Diarist Samuel Pepys (1633-1703) was delighted when the May rites returned, recording in 1661 that he and his wife and friends going to Woolwich to spend the night in the countryside in preparation ‘to ‘gather May-dew’ in the morning.
It was not only in central London that the downfall of fundamentalist religious control was met with an upsurge of pagan sentiment, as evidenced by the reappearance of maypoles around the country. Philosopher and amateur archaeologist (he discovered the Avebury stone circle!) John Aubrey (1626-97) wrote that poles “were set up at every crossway”. A pamphlet entitled “The Cities Loyalty Displayed” celebrated the return of the Maypole to London.
The huge Strand Maypole was severely damaged by strong winds in 1672, and only a stump remained until 1713, when it was rebuilt again – this time it only survived until 1717. The Maypole site was taken over to build the Church of St Mary le Strand, which still stands, and the pole itself was bought by Isaac Newton, who used it in the building of an aerial telescope. So the last London pagan ritual pole, representative of our ancient search for spiritual answers, became part of the search for a new scientific explanation of our existence here on Earth.
Even so, this was not the end of Maypole celebrations! Historian Randy P Connor in ‘The Pagan Heart of the West’ looks for signs of continuing May celebrations, and relates that in 1708 the British Apollo reported that it was commonly accepted that the Maypole rite was an ancient, pre-Christian, ceremony. Gullivers Travels author Jonathan Swift (1667-1745), a devout Anglican, celebrated the Maypole, personifying it and giving us its view on the Puritans, –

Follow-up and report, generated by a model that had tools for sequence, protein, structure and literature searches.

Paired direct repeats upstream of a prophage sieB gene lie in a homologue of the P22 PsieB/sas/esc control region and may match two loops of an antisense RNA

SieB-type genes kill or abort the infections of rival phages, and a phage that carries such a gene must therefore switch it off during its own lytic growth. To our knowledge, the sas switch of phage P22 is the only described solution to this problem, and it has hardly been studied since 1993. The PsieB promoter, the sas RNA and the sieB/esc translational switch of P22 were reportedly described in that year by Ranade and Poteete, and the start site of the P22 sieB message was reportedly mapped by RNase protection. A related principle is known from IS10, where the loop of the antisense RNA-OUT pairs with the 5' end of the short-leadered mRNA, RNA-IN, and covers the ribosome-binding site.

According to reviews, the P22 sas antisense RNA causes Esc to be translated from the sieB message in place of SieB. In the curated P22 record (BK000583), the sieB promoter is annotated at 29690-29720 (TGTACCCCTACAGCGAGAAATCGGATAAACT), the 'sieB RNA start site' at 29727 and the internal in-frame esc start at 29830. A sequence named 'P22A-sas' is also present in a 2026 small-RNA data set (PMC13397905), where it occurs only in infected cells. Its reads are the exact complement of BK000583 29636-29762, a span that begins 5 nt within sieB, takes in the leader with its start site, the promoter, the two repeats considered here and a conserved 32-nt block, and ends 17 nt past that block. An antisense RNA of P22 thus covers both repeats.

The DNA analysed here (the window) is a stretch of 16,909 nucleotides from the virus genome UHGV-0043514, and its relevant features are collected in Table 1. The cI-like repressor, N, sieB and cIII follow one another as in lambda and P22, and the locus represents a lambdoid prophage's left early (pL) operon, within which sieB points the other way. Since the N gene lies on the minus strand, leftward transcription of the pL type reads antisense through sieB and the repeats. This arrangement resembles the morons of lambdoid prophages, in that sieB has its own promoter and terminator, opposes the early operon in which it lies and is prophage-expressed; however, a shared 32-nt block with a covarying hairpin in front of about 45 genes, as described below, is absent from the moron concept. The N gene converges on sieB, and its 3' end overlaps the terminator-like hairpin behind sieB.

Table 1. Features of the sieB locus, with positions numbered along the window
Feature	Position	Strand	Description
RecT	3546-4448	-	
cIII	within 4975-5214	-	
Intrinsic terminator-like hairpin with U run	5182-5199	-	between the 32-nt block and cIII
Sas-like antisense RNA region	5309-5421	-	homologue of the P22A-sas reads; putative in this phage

“And once a Weaver in our Town,
A damn’d Cromwellian, knock’d me down.
I lay a prisoner twenty Years;
And then the Jovial Cavaliers
To their old Posts retor’d all Three,
I mean the Church, the King and Me.”
He was not shy about referring to what went on there either…
“No couple-beggar in the land
E’er joined such numbers hand in hand.
I joined them fairly with a ring;
Nor can our parson blame the thing.
And though no marriage words are spoke,
They part not till the ring is broke”
Beltane was still celebrated in many places around the UK in the late 18th century, often in the vicinity of ancient stone circles. Brady’s Claris Calendaria recorded that “not only the common people, but those of every rank in the vicinity of the place, joined in the tumultuous dissipations of the day… gave a free indulgence to… riotous and disorderly practice, dancing through the streets in wanton attitudes… Even the priests, joining with the people, in procession to some adjoining wood on the May morning.” The French revolution gave a political air to Beltane rituals, with Maypoles becoming known as ‘liberty trees’ in France, and revolutionary Henri Gregoire (1750-1831) wrote that during the American revolution against the British, “on the banks of the Delaware… maypoles became the citizens’ rallying signal in every community.” This surely fed into the eventual adoption of May 1st as a socialist day. Maypoles, and May celebrations, were historically always times when conventional behaviour and morality broke down, the hierarchical order felt threatened by the libidinous freedom displayed by the common people, May Day has always belonged to the people, and the hugely popular Maypole on the Strand in central London was a powerful statement that, whatever the rulers and churches were saying, the people were still in touch with the free-spirited, pagan roots of the British nation.